Gastrointestinal Problems in Dogs

Many dogs are quite likely to suffer from a variety of gastrointestinal problems. These problems are oftentimes due to a minor problem that will pass quickly. Such problems include eating a relatively harmless non-food item or certain foods that disagree with your pet's system. However, it's important to realize that some types of gastrointestinal problems that dogs face are actually very serious and may even be fatal if left unattended. Read on for a brief overview of gastrointestinal problems in your pet, including types, symptoms, and treatments.

Types of Gastrointestinal Problems

Some of the most common gastrointestinal problems that your pet is likely to face include those that have to do with his inability to digest certain items that he eats. He may contract colitis, which is a mild irritation of the gut and digestive tract that tends to pass on its own but which may require altered diets and other treatments. Another common gastrointestinal problem is irritable bowel syndrome, oftentimes abbreviated as IBS. This is a recurring condition in which your pet's intestines are not able to process food properly, and the result is painful and frequent bouts of diarrhea and stomach upset.

Ulcers are lesions that develop inside the stomach and elsewhere in the digestive tract as well. Without treatment, they can be continually damaged and exacerbated by stomach acids, making it unlikely that they'll go away on their own. There are also more serious gastrointestinal problems that your pet can develop, including cancerous growths and other related issues.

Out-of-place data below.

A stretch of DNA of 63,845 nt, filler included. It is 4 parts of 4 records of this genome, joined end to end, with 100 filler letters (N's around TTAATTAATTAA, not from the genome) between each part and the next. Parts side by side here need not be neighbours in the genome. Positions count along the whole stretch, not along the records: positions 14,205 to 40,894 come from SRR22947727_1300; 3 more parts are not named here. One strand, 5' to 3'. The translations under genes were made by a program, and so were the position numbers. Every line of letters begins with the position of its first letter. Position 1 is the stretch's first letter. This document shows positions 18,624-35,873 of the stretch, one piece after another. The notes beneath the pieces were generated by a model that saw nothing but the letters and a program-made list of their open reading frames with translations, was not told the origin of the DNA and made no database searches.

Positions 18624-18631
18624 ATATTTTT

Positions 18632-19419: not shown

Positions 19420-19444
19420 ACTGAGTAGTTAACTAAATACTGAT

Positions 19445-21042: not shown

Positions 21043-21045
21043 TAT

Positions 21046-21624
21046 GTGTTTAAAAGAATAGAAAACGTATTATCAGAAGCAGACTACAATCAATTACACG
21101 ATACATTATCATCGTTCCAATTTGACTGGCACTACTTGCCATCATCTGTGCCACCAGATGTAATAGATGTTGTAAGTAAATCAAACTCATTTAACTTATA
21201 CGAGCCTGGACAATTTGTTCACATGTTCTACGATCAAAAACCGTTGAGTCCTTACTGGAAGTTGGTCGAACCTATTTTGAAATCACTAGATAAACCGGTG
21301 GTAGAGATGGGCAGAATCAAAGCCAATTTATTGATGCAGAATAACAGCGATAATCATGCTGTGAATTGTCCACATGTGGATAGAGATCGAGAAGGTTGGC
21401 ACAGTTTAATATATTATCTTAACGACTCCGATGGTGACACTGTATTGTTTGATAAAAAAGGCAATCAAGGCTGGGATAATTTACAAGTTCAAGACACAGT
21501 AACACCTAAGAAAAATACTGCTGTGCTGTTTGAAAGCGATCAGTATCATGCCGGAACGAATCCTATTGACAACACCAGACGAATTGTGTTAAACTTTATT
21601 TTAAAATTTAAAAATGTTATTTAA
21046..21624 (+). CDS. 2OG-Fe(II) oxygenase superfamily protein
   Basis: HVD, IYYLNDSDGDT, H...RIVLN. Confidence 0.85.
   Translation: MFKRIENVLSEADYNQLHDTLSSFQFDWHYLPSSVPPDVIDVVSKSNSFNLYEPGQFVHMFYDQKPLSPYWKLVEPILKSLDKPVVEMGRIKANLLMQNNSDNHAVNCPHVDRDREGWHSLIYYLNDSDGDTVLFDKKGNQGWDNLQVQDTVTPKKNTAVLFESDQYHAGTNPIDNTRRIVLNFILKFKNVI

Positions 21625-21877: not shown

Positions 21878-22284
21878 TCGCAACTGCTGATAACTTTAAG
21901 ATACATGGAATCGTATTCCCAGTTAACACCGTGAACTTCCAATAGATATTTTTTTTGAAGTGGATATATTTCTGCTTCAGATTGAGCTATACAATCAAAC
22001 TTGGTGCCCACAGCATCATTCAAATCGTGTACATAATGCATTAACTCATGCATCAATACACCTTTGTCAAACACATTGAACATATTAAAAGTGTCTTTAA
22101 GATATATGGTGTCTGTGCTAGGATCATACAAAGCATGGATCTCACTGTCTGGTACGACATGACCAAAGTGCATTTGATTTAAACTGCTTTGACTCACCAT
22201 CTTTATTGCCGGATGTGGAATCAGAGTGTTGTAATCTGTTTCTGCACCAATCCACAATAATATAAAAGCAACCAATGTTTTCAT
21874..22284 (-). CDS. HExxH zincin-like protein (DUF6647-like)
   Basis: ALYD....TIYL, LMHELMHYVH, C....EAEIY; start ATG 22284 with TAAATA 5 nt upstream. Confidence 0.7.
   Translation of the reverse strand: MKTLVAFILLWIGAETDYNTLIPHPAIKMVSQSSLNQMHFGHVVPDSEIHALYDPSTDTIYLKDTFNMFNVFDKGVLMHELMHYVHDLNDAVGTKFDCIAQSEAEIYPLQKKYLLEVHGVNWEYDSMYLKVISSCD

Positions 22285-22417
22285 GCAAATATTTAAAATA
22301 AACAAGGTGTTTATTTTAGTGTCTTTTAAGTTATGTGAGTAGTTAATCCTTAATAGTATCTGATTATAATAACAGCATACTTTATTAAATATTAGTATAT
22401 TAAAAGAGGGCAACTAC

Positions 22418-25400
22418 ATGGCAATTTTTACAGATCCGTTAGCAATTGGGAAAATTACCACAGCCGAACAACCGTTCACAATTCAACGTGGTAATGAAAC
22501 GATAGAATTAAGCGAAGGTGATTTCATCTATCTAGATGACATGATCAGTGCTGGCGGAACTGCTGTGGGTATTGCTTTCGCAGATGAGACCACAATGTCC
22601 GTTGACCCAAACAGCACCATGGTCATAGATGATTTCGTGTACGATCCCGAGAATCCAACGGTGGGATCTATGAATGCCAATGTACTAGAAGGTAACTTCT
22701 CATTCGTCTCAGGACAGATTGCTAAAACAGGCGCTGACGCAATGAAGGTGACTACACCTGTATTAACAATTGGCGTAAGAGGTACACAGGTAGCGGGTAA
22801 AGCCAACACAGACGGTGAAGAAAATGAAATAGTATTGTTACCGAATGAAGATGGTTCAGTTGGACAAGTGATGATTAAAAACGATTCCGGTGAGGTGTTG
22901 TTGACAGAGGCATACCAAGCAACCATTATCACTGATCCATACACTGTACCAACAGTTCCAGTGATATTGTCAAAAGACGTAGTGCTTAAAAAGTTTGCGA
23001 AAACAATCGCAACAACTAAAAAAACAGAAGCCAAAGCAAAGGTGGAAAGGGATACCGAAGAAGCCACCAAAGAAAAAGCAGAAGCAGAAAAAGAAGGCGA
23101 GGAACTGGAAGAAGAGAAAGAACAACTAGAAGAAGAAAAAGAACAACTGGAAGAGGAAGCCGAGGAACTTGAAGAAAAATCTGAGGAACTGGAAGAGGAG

Symptoms of Gastrointestinal Problems

The symptoms of a gastrointestinal problem will vary slightly according to your dog's health condition and the severity of the problem itself. However, they tend to have similar types of symptoms. These usually include some or all of the following:

  • Vomiting
  • Diarrhea
  • Blood or mucus in the stool
  • Distended abdomen
  • Sensitivity to the touch
  • Difficulty lying down or standing up
  • Loss of appetite or weight
  • Lethargy
  • Aggressive behaviors

If you notice these or any other symptoms that you think may be related to a problem with your dog's bowels or gastrointestinal tract, take note of the symptoms that you see and bring your dog in to the vet as quickly as possible. Due to the serious nature of some of the potential causes of these symptoms, it's important that you diagnose his problem right away.

Treating Gastrointestinal Problems

Treatment for gastrointestinal problems varies according to the nature of the problem itself. Some of these problems are bacteria related and can be treated with a dose of antibiotics. In other cases, fluid and electrolyte therapy will help to restore stability to your pet's system while you wait for a virus or mildly harmful item that was ingested to pass through your pet's system. In the case of cancers and more serious conditions, treatment is typically much more involved and requires biopsies, blood tests, chemotherapy or radiation treatment, and more. One of the most common treatments for gastrointestinal problems in general is a change in diet.